Mrs. Simpson, who graduated from Bessie Tift  College last summer, was the daughter of Dr. and Mrs.  H.W. Clements. Dr. Clements is a member of the State Board of Health.

Related posts:

For more Clements family history and the history of Ray City, GA  see www.raycity.pbworks.com

Dr. H.W. Clements and the Doctor’s Roadster

Henry Warren Clements, M.D.  (1877-1952)

Henry W. Clements was a Physician who lived and practiced in Ray City, Georgia during the early days of the town.  He was one of the many Medical Men of Ray’s Mill (now Ray City), who served the community over the years.

Henry W. Clements went into medical practice  for a short time in Rays Mill, GA after graduating from the Medical College of Georgia in 1900.  A clipping from the Tifton Gazette shows he soon moved to Hahira, and in 1901 he moved again to Lenox, GA

Dr. Henry W. Clements moves to Lenox, GA

Dr. Henry W. Clements moves to Lenox, GA. Tifton Gazette, Feb. 22, 1901

Advertisment of Dr. H. W. Clements, Physician and Surgeon. Tifton Gazette, Mar. 25, 1904.

Advertisment of Dr. H. W. Clements, Physician and Surgeon. Tifton Gazette, Mar. 25, 1904.

In 1908 Dr. Clements was admitted to the Medical Association of Georgia. The Census of 1910 places him in Lenox, GA, but newspaper mentions show he and his wife, Pauline Nelson Clements, were back in Ray City by early 1911.  Dr. Clements was a self-employed physician in general practice in Ray City.  His bookkeeper was Robert Tombs Harrell and he also employed Floyd Lafayette Blanton in farming. According to the 1920 Census, Dr. Clements owned a home in Ray City on North Street, next door to his father, Levi J. Clements.

 Dr. Clements practiced in Hahira, Lenox, and Ray City until the early 1920’s.  Transportation for these years was by horse and buggy and his stable full of horses is well known.  Prior to World War I, the second gas vehicle in Berrien County was a  Maxwell proudly owned by Dr. Clements.

The Maxwell Motor Company produced a model called the Doctor’s Roadster, marketed especially to medical men, as seen in this advertisement from The Medical World magazine.

W.P. Tittle & Co., a Nashville, GA firm from 1911 to around 1925, was the first automobile dealer in Berrien County and handled the Maxwell line of cars. The firm was owned by  W.P. Tittle, C.G. Starling, and D.D. Tittle.

With the growing popularity of the automobile, Dr. Clements found that in addition to treating the sick and delivering babies,  he was now treating accident victims.  In 1923 when his cousin, Homer Clements, broke an arm while hand cranking his car, Dr. Clements may have set the “Ford Fracture.”

Dr. H.W. Clements lived in Ray City, GA and kept his medical practice there until he moved to Adel, GA in 1922.  Adel is just 10 miles west of Ray City;  Homer could have made the trip in 1923 to get his arm treated.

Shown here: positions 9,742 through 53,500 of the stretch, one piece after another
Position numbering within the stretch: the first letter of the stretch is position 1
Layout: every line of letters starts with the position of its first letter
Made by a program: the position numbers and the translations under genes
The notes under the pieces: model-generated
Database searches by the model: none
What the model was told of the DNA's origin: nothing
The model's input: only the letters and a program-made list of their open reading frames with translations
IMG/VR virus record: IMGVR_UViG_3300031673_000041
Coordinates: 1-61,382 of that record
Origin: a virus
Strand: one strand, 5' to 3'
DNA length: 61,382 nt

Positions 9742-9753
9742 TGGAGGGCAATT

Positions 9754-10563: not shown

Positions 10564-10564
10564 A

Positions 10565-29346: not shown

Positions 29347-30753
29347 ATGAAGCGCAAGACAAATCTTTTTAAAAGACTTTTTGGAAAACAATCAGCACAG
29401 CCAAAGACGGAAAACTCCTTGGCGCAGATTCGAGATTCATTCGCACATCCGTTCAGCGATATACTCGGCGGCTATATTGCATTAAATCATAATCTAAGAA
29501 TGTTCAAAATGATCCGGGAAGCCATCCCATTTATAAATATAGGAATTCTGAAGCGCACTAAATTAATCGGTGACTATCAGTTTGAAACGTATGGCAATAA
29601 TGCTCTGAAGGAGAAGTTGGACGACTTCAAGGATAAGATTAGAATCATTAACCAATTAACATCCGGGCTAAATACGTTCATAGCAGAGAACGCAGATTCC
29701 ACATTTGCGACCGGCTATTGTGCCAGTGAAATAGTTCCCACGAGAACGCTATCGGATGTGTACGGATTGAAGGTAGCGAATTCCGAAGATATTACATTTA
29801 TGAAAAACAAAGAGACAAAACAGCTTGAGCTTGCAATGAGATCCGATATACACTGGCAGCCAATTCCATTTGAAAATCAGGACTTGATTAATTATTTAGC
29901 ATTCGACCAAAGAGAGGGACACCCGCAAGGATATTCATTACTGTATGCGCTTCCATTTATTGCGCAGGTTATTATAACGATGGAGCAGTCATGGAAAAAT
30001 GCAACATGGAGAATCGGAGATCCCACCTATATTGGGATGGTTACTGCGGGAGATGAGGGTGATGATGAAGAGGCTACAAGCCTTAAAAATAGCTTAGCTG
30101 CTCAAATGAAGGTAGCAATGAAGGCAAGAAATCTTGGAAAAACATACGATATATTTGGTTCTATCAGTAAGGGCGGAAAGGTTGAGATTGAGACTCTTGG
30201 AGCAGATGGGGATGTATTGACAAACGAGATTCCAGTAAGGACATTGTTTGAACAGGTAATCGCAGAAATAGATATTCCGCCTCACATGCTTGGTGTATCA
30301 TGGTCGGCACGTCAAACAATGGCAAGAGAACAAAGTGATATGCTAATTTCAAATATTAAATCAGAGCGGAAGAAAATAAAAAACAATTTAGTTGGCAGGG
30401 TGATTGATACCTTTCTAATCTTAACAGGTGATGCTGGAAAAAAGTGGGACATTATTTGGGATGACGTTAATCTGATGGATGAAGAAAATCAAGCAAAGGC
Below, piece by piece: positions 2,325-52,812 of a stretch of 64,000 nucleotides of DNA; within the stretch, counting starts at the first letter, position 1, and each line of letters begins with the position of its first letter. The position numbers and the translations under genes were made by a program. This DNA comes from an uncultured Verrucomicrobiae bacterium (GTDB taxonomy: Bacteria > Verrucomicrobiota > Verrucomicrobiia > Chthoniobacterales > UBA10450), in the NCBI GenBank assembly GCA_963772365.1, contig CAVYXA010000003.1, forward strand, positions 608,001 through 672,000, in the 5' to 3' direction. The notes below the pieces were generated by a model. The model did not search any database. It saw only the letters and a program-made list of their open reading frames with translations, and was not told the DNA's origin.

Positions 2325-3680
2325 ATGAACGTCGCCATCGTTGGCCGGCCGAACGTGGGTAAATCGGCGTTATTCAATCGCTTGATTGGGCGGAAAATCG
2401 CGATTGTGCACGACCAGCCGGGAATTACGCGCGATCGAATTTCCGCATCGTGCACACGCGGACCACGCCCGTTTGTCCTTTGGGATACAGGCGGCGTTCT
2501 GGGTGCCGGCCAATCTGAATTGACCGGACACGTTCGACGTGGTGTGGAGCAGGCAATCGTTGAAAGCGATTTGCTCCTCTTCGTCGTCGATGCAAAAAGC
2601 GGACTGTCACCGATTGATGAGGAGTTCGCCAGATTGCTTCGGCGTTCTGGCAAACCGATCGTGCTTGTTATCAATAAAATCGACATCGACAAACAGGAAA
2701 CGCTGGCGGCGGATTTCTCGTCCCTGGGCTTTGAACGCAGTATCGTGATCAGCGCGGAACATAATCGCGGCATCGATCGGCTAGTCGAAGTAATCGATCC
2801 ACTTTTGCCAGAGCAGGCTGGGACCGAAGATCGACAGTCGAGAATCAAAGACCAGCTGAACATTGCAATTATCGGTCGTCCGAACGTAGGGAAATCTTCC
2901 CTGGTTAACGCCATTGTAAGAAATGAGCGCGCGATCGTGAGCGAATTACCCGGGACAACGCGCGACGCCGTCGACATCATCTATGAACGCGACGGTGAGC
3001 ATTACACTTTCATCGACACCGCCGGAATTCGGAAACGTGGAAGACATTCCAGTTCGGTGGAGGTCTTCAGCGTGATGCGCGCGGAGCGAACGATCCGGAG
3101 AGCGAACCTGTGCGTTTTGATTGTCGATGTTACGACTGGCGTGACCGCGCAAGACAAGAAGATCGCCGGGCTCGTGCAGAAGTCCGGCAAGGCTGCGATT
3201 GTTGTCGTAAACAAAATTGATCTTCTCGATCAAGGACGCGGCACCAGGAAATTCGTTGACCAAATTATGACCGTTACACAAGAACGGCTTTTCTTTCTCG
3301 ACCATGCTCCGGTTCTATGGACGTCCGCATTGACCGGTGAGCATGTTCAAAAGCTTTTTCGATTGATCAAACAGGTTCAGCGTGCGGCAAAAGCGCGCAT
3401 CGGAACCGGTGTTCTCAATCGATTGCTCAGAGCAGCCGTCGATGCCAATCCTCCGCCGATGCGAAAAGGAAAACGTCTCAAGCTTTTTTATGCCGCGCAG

On the night of January 17, 1929 Dr. Clements was called for an emergency response when Rema Sirmans was ejected from a Ford roadster in a one car accident near Sparks, Ga. No doubt, Dr. Clements treated many other automobile accident victims over the years.

Tragically, his own daughter, Hilda Clements, and son-in-law would be killed in an automobile accident at a bridge near Ray City, on December 21, 1941.

Children of Henry W. Clements and Mary Pauline Nelson (1881 – 1954):

  1. Henry G. Clements 1903 – 1948
  2. Harvey J Clements 1905 – 1927
  3. Jaunita P Clements 1913 –
  4. Fred Nelson Clements 1918 – 1987
  5. Hilda Clements 1921 – 1941

Related posts:

Homer Clements and the Ford Fracture

For more on Ray City History and the Clements family, see http://raycity.pbworks.com/

 News Items From Ray City
Nashville Herald, Feb 16, 1923

Mr. Homer Clements got his arm broken Friday while cranking his Ford.[1]

  Early Ford automobiles didn’t have a starter like modern cars. The engine on the Model T was started with a hand crank on the front of the car.  A wire loop near the radiator worked the choke on the carburetor to give the engine extra fuel to help start it when it was cold. This could be dangerous if a person was not careful. If the levers that controlled the engine were not set the right way, especially the spark control, a “backfire” could result, causing the engine and the crank handle to violently spin the wrong way. Many people got broken arms this way.  Doctors even had a special name for this kind of break: the “Ford Fracture.” 

Did Homer Clements seek treatment from his cousin, Dr. Henry W. Clements?  Maybe.  Dr. H.W. Clements lived in Ray City, GA and kept his medical practice there until he moved to Adel, GA in 1922.  Adel is just 10 miles west of Ray City;  Homer could have made the trip in 1923 to get his arm treated.

Related posts: